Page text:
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MEET THE TEAM: Cory Redekop learning ins and outs of Langley businesses

8 month into his new role, chamber’s new CEO is excited about organization’s future
Cory Redekop took over as CEO of the Langley chamber nine months ago, but has been part of the chamber network for 13 years. (Langley chamber/ Special to Langley Advance Times)

Cory Redekop may still be a relatively new face at the Greater Langley Chamber of Commerce, but he’s not new in the chamber world, nor in Langley – for that matter.

The 36-year-old joined the local team after 12 years at the Burnaby’s equivalent of a chamber, plus he’s been a resident of Langley’s Willoughby area for the past six years.

“Fair to say I’m evangelical about the chamber network,” he said.

Fresh out of university – where he focused on politics and governance studies – he joined the Burnaby Board of Trade. Through a dozen years there, he worked in every capacity, from answering phones and organizing events to focusing on policy development.

When the chance arose to apply all he’d learned to a position in his own community, Redekop said he jumped at it.

“I’m a big believer of walking through doors that open,” he said, anxious to make the most of this opportunity.

RELATED: Langley chamber hires new CEO

A big part of the mandate in his new job has been to re-engage the chamber with the business community – especially after COVID – meaning he’s been on the phone or making a lot of in-person visits to companies, to hear their concerns, learn about their challenges or growing pains, and trumpet their successes.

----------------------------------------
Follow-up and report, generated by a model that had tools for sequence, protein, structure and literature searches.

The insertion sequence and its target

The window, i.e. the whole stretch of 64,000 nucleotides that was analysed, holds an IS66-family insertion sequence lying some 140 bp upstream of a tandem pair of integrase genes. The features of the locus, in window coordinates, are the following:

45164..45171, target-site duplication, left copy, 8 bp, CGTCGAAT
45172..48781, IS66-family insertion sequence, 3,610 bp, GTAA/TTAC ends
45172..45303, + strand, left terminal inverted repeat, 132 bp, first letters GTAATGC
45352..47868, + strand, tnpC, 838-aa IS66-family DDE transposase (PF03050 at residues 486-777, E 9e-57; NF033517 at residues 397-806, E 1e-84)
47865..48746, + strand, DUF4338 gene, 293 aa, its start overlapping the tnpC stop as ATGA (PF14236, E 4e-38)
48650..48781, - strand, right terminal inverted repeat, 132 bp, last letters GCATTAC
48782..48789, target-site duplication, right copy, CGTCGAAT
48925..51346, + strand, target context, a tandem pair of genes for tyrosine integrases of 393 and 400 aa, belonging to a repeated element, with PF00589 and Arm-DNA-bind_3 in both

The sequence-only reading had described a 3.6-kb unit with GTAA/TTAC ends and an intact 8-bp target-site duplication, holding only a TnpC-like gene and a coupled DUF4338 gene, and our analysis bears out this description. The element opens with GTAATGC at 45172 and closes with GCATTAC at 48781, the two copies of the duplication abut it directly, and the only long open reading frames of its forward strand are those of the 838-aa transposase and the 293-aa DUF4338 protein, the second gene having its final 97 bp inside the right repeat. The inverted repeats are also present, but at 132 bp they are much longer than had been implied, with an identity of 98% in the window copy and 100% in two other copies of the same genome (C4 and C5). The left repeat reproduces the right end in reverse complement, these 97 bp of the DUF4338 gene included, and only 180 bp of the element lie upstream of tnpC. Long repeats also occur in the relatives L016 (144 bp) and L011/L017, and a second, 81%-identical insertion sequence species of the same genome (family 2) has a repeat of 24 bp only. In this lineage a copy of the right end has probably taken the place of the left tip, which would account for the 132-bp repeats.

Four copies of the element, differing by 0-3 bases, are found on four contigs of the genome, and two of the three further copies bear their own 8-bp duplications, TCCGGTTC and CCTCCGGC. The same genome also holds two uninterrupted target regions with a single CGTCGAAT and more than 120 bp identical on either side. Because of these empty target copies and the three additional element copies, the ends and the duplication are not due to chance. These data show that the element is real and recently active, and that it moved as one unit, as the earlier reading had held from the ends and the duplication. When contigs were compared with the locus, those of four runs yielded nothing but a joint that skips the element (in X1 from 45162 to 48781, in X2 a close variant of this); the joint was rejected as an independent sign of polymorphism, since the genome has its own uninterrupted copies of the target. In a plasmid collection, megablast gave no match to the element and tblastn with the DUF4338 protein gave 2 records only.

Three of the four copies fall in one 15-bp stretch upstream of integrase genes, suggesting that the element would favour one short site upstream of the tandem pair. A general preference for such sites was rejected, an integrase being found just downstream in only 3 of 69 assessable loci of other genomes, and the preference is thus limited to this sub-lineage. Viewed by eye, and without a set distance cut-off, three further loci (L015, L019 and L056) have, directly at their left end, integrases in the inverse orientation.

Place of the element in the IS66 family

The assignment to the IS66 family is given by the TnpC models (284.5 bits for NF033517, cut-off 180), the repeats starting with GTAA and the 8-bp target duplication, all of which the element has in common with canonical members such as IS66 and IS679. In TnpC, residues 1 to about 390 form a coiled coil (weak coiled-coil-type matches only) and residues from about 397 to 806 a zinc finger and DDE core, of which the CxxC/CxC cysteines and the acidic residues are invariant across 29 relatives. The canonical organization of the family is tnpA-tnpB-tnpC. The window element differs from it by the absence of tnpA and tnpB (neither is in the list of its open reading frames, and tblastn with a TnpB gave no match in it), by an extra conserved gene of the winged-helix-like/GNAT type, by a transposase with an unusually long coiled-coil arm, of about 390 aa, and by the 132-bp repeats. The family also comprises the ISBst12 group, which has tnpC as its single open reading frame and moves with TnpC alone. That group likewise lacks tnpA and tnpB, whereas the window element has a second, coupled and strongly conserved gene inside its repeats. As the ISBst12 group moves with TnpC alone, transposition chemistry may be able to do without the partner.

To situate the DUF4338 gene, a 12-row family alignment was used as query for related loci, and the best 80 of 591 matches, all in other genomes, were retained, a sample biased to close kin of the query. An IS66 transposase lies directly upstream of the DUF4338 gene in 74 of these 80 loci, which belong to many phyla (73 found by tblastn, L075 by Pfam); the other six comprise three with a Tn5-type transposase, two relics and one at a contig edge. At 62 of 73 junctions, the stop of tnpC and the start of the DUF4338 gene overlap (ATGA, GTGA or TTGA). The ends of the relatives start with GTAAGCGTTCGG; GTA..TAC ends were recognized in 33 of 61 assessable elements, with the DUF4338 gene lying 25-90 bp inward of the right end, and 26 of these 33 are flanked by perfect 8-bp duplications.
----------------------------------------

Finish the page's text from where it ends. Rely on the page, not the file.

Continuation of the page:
“In my view, a huge part of our role as a chamber is to be out there, be front facing, to be at the community table, to be on the field, on the ground,” Redekop said.

“What chambers really are, we’re economic development organizations… we don’t just throw parties. We’re conveyors of the business community. We don’t just complain about issues. We’re a champion for the challenges of the business community to find solutions. We don’t just wonder what’s going to happen with the community. We’re a catalyst for economic development. We’re doing all the things to make sure we have the DNA in place and the landscape in place for businesses to be successful and then, if an issue arises, we tackle that issue.”

During his visits and discussions, Redekop has learned a lot about the community, its people, and their “incredible” resilience.

On top of that, he’s been blown away by how “welcoming, opening, and inclusive” the business community has been – always making him feel welcome and always willing to share their experiences.

He’s actually met more business owners and operators in the past eight months with the Langley chamber than he met in all the years he worked in Burnaby.

“Every chamber is unique, like their community,” and he’s really enjoyed getting to know Langley better.

He continues to be impressed by the level of engagement of Langley’s business community, saying it bodes well for the current and future economic well-being of not only the businesses, but the community overall.